Considerations When Assigning an Employee Abroad
In some cases, global expansion will involve assigning existing employees to overseas locations. Considerations here will include:
- The length and terms of the assignment and whether/how the employees will return to their prior, or some other, position;
- Visas or work permits that may be required;
- Whether assistance will also be provided to the employee’s spouse/family;
- How foreign payroll and benefits will be handled;
- How currency rates might affect compensation;
- Whether any medical exams or clearances will be required; and
- Whether a point person will be assigned to the employee as a liaison back to the home office.
These considerations represent the broad strokes required when assigning an employee to an overseas role. Here we provide a deeper dive into the common issues companies and their HR advisors should be prepared to address.
At an even more granular level, global HR expansion considerations will vary depending on whether the expansion is a greenfield expansion (starting, and staffing, a company from scratch) or an expansion through acquisition.
When establishing an entirely new entity in another country, HR leaders need to consider how that entity will be staffed: Through expat assignments? Recruiting of foreign nationals? Staffing firms? Contractors? In addition, they will need to determine:
- Whether staff will be full- or part-time;
- What immigration requirements might impact their staffing plans; and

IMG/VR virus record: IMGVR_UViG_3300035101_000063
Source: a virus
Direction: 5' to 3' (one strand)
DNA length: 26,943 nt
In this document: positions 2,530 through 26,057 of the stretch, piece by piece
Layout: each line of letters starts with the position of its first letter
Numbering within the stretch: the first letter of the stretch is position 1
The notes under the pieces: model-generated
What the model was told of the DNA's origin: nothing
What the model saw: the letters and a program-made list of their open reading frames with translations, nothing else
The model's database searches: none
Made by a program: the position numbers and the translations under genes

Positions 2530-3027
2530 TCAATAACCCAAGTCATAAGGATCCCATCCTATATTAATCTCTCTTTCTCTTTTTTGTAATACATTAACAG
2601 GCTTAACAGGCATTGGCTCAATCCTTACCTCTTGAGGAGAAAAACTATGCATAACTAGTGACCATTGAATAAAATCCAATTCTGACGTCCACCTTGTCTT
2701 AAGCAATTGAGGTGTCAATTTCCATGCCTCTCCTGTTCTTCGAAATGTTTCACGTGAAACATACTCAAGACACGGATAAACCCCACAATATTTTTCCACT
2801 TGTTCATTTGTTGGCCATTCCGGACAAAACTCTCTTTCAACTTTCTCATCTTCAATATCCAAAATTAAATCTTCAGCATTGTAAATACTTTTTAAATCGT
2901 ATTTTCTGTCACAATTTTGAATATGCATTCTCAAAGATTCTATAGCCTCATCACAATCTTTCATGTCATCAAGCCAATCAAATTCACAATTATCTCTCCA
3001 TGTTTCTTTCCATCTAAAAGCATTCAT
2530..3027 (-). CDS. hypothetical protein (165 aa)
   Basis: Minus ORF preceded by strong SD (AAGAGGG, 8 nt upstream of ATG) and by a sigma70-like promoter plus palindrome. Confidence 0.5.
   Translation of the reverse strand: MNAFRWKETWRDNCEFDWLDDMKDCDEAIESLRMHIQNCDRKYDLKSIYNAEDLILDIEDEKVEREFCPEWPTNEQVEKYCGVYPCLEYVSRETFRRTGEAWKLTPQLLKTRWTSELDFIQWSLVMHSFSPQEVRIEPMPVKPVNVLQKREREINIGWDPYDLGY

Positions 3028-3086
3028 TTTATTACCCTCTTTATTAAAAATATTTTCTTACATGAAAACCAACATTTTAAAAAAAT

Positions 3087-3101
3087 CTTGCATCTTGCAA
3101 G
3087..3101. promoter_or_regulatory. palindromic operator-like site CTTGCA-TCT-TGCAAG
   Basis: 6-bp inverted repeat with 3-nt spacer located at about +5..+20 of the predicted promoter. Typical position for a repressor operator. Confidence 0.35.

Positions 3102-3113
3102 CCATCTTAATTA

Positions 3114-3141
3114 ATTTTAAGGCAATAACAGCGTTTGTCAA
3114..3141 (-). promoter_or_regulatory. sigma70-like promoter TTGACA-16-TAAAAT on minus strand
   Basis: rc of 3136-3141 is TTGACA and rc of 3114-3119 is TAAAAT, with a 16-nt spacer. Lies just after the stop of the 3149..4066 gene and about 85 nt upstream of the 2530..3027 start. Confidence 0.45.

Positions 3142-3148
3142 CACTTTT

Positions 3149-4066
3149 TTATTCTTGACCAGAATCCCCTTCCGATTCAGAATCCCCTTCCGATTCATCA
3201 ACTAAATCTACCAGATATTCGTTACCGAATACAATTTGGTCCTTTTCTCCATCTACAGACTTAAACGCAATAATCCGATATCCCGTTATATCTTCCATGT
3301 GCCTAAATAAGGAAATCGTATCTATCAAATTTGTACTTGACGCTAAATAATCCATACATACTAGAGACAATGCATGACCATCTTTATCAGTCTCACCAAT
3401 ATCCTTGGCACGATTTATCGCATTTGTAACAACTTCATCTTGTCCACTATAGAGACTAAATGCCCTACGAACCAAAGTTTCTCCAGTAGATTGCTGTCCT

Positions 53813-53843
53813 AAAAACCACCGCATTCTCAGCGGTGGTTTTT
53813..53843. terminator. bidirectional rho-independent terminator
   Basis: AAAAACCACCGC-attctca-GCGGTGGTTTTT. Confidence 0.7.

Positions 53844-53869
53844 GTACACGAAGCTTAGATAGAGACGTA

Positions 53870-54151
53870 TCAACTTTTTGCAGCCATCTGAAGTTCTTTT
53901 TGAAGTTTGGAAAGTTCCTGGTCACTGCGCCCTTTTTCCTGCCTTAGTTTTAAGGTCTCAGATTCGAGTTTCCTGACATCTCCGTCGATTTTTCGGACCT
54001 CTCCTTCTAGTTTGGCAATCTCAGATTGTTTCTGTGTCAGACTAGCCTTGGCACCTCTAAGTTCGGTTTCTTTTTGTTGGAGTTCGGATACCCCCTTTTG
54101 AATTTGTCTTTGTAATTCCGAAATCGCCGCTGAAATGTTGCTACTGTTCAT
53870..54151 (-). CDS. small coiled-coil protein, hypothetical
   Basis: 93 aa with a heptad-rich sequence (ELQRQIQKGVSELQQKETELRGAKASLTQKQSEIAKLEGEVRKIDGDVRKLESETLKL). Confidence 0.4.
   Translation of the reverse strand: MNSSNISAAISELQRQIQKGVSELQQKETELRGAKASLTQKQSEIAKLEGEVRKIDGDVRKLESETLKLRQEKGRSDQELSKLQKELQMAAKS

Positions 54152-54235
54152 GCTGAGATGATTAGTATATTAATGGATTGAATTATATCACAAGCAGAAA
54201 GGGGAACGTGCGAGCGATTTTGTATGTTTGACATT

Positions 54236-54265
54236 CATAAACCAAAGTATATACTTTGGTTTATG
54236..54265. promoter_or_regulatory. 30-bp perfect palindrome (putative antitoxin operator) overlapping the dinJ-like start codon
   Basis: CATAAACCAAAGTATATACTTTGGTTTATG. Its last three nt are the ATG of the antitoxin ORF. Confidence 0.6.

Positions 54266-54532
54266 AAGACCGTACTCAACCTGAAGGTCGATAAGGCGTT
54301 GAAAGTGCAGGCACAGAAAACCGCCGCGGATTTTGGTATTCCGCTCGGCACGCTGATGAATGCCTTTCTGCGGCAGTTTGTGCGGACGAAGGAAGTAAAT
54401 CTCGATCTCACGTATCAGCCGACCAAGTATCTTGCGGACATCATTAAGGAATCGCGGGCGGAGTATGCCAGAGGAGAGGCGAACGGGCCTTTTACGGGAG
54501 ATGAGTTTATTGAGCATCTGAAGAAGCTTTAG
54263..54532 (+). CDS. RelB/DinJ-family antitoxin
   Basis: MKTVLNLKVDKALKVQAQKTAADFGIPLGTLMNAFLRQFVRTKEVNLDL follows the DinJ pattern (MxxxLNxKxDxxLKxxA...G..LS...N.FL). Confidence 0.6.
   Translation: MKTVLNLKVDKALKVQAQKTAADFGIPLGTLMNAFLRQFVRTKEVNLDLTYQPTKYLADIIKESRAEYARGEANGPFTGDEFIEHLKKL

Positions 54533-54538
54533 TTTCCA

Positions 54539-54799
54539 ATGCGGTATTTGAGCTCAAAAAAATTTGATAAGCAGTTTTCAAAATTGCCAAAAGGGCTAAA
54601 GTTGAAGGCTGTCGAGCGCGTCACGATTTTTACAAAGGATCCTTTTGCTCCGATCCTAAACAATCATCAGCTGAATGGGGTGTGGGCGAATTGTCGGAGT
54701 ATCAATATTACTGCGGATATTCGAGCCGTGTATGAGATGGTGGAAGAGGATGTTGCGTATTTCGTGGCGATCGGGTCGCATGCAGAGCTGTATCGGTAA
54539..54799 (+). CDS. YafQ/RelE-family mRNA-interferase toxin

- How these staffing decisions will align with domestic staffing plans and policies.
And, of course, HR leaders will need to ensure that all of their employment practices are compliant with both local and domestic labor regulations.
Expansion Through Acquisition
When acquiring a global company, HR leaders will need to initially determine whether current staffing levels and strategies will be appropriate based on their organization’s plans for expansion and growth goals. That will require an assessment of the current structure, skills and capabilities of employees; identification of gaps and strategies to fill those gaps based on the considerations discussed above.
International expansions can be complex. But HR professionals can minimize the challenges they face by developing checklists to ensure that they’ve covered all of the bases to address the needs of the organization as well as of staff working domestically and in global settings. For instance, use our HR Global Expansion Checklist to help you keep track of considerations such as staffing needs, international assignments and more.
It’s also important to keep in mind that global expansion is not a “one and done” activity. It requires ongoing management and support in consideration of changing local laws, regulations and social norms. Staying up to date on these trends and shifts can be challenging. XpertHR International can help. With employment law guidance and coverage for over 45 countries worldwide, it is a valuable resource to help your company’s expansion efforts. See all of our employment law country guide listings here.